The United States High Commissioner for Germany ( McCloy ) to the Secretary of State
3486. Personal for Byroade from McCloy. I have studied carefully and discussed with my staff the approach to the German problem set forth in FM D A–/2.1 It is a bold and imaginative piece of work and provokes real thought.
I agree that time has come when West must develop and announce fundamentals of its philosophy, not only to counteract propaganda bombardment from East, but to put lift into West. Form and content such announcement should be carefully drafted, should have ring and spirit of real meaning.
Proposal of Germany for North Atlantic union and Germany’s part therein was more difficult to assess. It is basically continuation of our policy of having three western powers concert together on German problem. Realizing difficulties of creating balance in Europe with no American participation, it is perhaps inevitable that solution should seek organization of wider geographic scope and function than existing [Page 683] bodies. US and UK, whose power combination is the basis of our world policy, must act together to bring along France. That is what we have been doing since 1945, suppose it is a logical extension of our policy. I do not take issue with this but have considered alternatives to it. Have considered here possibility of US putting its support behind UK, by removing some of the differences which now exist between British and ourselves and permitting them thereby more flexibility in their handling of European problem, at same time increasing our aid so that they will not be overly concerned in their own economic welfare. We have also considered whether US should change its policy of support in Europe and place its weight behind Germany as a coming leader in European integration. After careful consideration, we have rejected these alternatives, although some appear very attractive at first glance. We have also considered whether within existing organizations US, by more participation, could achieve integration of Europe more effectively. Certainly some progress could be made through this approach, but it lacks real spark and vigor of the North Atlantic union concept, and may be inadequate to achieve results in time allowed us.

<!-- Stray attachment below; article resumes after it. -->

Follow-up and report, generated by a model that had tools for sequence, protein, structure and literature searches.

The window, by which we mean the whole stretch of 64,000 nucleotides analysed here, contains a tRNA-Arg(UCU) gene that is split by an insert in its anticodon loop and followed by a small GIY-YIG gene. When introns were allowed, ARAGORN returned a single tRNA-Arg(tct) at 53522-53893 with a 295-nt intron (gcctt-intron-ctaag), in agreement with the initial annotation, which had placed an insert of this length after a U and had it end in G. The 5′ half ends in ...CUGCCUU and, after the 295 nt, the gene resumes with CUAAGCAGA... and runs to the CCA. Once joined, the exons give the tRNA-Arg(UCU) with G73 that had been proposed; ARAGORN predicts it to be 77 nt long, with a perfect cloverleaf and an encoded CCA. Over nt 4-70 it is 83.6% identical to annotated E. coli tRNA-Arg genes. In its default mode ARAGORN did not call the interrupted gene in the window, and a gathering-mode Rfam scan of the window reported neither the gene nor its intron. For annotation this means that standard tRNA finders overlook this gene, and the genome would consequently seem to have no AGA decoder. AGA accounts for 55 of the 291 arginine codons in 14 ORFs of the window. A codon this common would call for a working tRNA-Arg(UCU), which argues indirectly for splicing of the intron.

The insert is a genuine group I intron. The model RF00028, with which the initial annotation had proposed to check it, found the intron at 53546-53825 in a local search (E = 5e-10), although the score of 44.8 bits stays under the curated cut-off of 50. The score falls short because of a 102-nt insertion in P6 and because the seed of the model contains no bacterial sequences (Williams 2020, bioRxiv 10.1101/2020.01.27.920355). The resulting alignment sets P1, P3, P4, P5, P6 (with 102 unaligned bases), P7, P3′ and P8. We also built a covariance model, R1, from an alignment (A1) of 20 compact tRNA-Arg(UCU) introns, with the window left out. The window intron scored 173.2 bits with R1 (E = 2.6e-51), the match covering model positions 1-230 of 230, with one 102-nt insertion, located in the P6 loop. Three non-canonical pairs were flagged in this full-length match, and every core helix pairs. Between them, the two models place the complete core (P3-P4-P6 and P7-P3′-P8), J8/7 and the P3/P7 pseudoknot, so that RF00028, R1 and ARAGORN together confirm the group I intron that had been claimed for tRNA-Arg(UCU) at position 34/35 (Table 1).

As you know, I have had considerable doubts that a democratic Germany as we would like to see it is certainly in [the?] new Germany. I think all elements are here and that Germany perhaps has never been in more receptive mood for proper orientation and that given time and effort American influence can bring her along right road. Could we afford time, that is path I would choose. However, I realize that such time is most probably not available to us. Pressures from the Germans from within and from Soviets from without will mount and our effectiveness and influence will diminish.
Though I would prefer to make a clear-cut early decision relying on pressure from the East to keep Germany in the democratic path, I feel that risk of dangerous back-slidings on part of Germans is very great. There are real liberal elements here who still need an umbrella under which to develop. If we lost all power now, they will almost certainly be resubmerged as I judge their present strength. This is perhaps best indicated by the cat and mouse efforts of the free press to survive. Therefore, I believe we should continue active reeducation in Germany for at least another 18 months, and to give it effect, I feel we must maintain a commission even with limited powers but with some power to disapprove legislation and assume authority in event of direct challenge during that period.
I realize, of course, that program such as has been outlined in the paper is not something which can be accomplished in few months. If it is accomplished in a year or 18 months, it will be doing well and during that time we can do much to bring Germany along right path. It places heavy burden upon us to bring about further acceptance [Page 684] by the Germans of basic democratic principles which their present older generation at least do not have and which are generally acknowledged and accepted in the western world.
- Not printed: it proposed: “1. A Tripartite ‘Declaration setting forth the Fundamental Philosophy of the Western World’. 2. A Tripartite proposal for a North Atlantic Union (which would include Germany as well as the U.S.). 3. A Tripartite declaration in favor of all-German elections, and a restored Control Council without the veto, as a prelude to a German peace treaty.” FM D A–4/2 was a revision of FM D A 4/1, dated February 11, in response to questions within the Department of State. (CFM Files: Lot M–88: Box 149: May FM Meeting A Series)↩